THE Asian Century white paper's goal to have 10 Australian universities in the global top 100 by 2025 appears to have no intellectual or policy basis, according to higher education commentator Andrew Norton.
The paper states a "national objective" of 10 institutions in the top 100 on the Shanghai Jiao Tong ranking by 2025. There are five this year.
"There doesn't seem to be any intellectual or policy basis to this target," said Mr Norton, from the Grattan Institute.
"My view is that we shouldn't pay any attention to it.
"Really, the only question should be, are we linked in to global research networks?
"You can do that without any particular rankings, it depends on the quality of your work."
These are some of the other things I've been tweeting about today:
- it looks pretty cool too: "Summly wants to make news summaries cool" http://pjblack.me/Q8IdF9
- "Infographic: How Australians study" http://pjblack.me/Q8cjsh #highered
- "Stunning Photographs Of A Darkened New York City" http://pjblack.me/TZj1lC
- this is exciting - @UseClear for mac: "To-Do Lists Made Breathtakingly Simple - Clear For iPhone and Mac" http://pjblack.me/SxlxgV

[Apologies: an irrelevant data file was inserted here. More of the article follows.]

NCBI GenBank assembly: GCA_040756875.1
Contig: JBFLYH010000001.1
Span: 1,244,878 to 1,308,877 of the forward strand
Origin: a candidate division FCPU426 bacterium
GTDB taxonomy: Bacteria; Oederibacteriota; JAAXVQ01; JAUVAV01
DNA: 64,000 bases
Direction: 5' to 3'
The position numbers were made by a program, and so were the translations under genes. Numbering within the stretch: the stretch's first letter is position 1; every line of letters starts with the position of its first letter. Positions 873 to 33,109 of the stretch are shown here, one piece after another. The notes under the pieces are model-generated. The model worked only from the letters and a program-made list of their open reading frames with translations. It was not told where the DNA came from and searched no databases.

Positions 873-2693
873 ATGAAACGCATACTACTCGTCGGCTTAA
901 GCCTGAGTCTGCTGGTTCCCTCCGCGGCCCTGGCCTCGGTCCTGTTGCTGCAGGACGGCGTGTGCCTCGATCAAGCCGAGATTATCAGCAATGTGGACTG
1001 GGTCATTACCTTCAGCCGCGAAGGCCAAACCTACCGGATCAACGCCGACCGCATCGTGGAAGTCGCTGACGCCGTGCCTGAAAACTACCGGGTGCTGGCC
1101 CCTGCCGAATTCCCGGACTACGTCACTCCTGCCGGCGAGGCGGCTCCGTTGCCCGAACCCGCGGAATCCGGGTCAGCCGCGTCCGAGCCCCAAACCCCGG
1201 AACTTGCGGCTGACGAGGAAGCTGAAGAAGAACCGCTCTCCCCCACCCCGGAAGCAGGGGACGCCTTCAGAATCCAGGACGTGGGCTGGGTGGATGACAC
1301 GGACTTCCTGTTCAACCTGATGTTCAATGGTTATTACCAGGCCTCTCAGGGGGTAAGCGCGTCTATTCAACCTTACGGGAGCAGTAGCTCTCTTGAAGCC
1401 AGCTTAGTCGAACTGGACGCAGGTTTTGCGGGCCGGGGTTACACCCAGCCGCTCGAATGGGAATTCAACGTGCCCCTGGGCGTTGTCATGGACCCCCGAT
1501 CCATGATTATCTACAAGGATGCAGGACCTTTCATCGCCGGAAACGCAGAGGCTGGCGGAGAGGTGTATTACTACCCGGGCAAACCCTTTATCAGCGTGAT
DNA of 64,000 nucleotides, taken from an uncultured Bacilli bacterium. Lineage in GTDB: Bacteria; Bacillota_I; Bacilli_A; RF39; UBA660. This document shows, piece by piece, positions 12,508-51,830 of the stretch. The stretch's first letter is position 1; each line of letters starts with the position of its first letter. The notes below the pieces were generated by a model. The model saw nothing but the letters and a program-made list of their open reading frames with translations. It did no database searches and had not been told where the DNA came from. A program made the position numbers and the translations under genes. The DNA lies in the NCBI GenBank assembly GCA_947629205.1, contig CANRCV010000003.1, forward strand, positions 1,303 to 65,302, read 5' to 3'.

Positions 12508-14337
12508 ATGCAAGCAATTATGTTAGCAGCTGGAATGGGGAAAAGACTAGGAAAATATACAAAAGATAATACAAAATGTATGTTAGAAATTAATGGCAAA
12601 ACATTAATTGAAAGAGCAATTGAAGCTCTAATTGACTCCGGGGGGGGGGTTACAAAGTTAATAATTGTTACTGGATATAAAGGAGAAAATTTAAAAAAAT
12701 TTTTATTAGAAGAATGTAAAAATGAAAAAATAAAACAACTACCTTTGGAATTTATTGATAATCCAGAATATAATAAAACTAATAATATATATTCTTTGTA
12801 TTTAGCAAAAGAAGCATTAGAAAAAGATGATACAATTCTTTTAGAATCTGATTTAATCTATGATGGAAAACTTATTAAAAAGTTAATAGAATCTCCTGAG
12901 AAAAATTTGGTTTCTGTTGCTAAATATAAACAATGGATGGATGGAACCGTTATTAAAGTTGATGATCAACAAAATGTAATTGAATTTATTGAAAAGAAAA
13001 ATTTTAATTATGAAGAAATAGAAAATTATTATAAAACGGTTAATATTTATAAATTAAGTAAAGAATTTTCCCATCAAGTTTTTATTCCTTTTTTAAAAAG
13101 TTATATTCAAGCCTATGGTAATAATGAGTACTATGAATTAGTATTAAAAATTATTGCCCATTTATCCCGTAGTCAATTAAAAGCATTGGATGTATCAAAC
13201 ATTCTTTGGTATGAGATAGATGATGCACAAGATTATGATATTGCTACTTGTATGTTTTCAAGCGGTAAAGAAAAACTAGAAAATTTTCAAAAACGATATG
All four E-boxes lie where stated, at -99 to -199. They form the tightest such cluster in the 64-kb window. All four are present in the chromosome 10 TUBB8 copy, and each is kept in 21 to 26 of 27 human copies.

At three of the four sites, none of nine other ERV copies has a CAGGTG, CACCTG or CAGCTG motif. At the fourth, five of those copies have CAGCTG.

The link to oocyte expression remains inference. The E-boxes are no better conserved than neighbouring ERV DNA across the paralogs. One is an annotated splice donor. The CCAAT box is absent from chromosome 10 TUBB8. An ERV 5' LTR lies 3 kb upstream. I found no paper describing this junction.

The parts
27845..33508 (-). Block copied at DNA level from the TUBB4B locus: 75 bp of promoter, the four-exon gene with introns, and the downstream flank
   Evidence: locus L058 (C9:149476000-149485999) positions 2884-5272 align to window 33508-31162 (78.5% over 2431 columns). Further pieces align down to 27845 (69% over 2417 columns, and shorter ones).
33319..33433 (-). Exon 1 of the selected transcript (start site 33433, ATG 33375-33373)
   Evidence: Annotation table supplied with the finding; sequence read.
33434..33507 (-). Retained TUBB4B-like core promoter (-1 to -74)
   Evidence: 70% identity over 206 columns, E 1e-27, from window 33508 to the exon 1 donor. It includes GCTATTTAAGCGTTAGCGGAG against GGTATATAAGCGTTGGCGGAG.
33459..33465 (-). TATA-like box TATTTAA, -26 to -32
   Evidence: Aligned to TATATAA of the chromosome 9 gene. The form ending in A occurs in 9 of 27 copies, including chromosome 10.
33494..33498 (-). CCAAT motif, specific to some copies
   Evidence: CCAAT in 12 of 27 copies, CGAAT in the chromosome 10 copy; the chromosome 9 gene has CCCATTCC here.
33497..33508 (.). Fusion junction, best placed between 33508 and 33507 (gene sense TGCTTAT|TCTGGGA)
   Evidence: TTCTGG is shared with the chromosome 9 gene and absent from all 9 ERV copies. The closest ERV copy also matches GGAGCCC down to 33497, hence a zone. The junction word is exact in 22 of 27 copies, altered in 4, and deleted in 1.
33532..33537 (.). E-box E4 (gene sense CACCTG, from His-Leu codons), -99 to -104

- "The States With The Riskiest Voting Technology" http://pjblack.me/Sx0Z8q
- "A Visual History of New York City's Destruction in Fiction" http://pjblack.me/Q6gxR6
- the supreme court has carefully chosen cases to keep the court out of the presidential election: "Above Politics" http://pjblack.me/RqPoU5
- from @THREsq: "'Storage Wars' Star Brandi Passante Sues Over 'Stalker Porn' Video" http://pjblack.me/RqIrCq
- "Your Employee Is an Online Celebrity. Now What Do You Do?" asks the @wsj http://pjblack.me/Q5pGt7
- "How much stamina does it take to become US president?" http://pjblack.me/Q60KSr
- "Tug of War's Path Back to the Summer Olympics" http://pjblack.me/Rqp7W2
- "Mark Cuban: Apple TV Is a Pipe Dream" http://pjblack.me/RqonjE
- "Copyright: The New Mercantilism" http://pjblack.me/RqnJme #lwb486
- "7 Electoral Scenarios Most Likely to Trigger Armed Rebellion" http://pjblack.me/Q5YQRN
- "University ranking goal an empty promise" http://pjblack.me/Snl7XX #highered
- from mungo maccallum: "Australia's decisive leap into the Asian Century" http://pjblack.me/Q5Yyu7 #auspol
- "Say Hello to the Ohio Official Who Might Pick the Next President" http://pjblack.me/RtvmKk
- "Infographic: The 2,000 Most Important Films Of All Time" http://pjblack.me/RtvmtP
- "Zappos Terms Of Service Ruled Invalid" http://pjblack.me/Q5PchO
- "Shelley Miller’s Cake Icing Graffiti" http://pjblack.me/Q5pFph
- this is fun: "‘Inappropriate’ Greeting Cards Made With Venn Diagrams" http://pjblack.me/Q5pF8y
- "Some Of The Best Fan Reactions To The Star Wars Episode 7 Announcement" http://pjblack.me/TUIp5X
- "Chris Christie Moves Halloween By Executive Order" http://pjblack.me/TUIh6E
- "Optus 4G hits Brisbane, Gold Coast" http://pjblack.me/Q6i75q
- "7 Fake Hurricane Sandy Photos You're Sharing on Social Media" http://pjblack.me/Q6h3hX
Follow me on Twitter @peterjblack.
And you can get my latest links anytime on my Rebelmouse social media front page.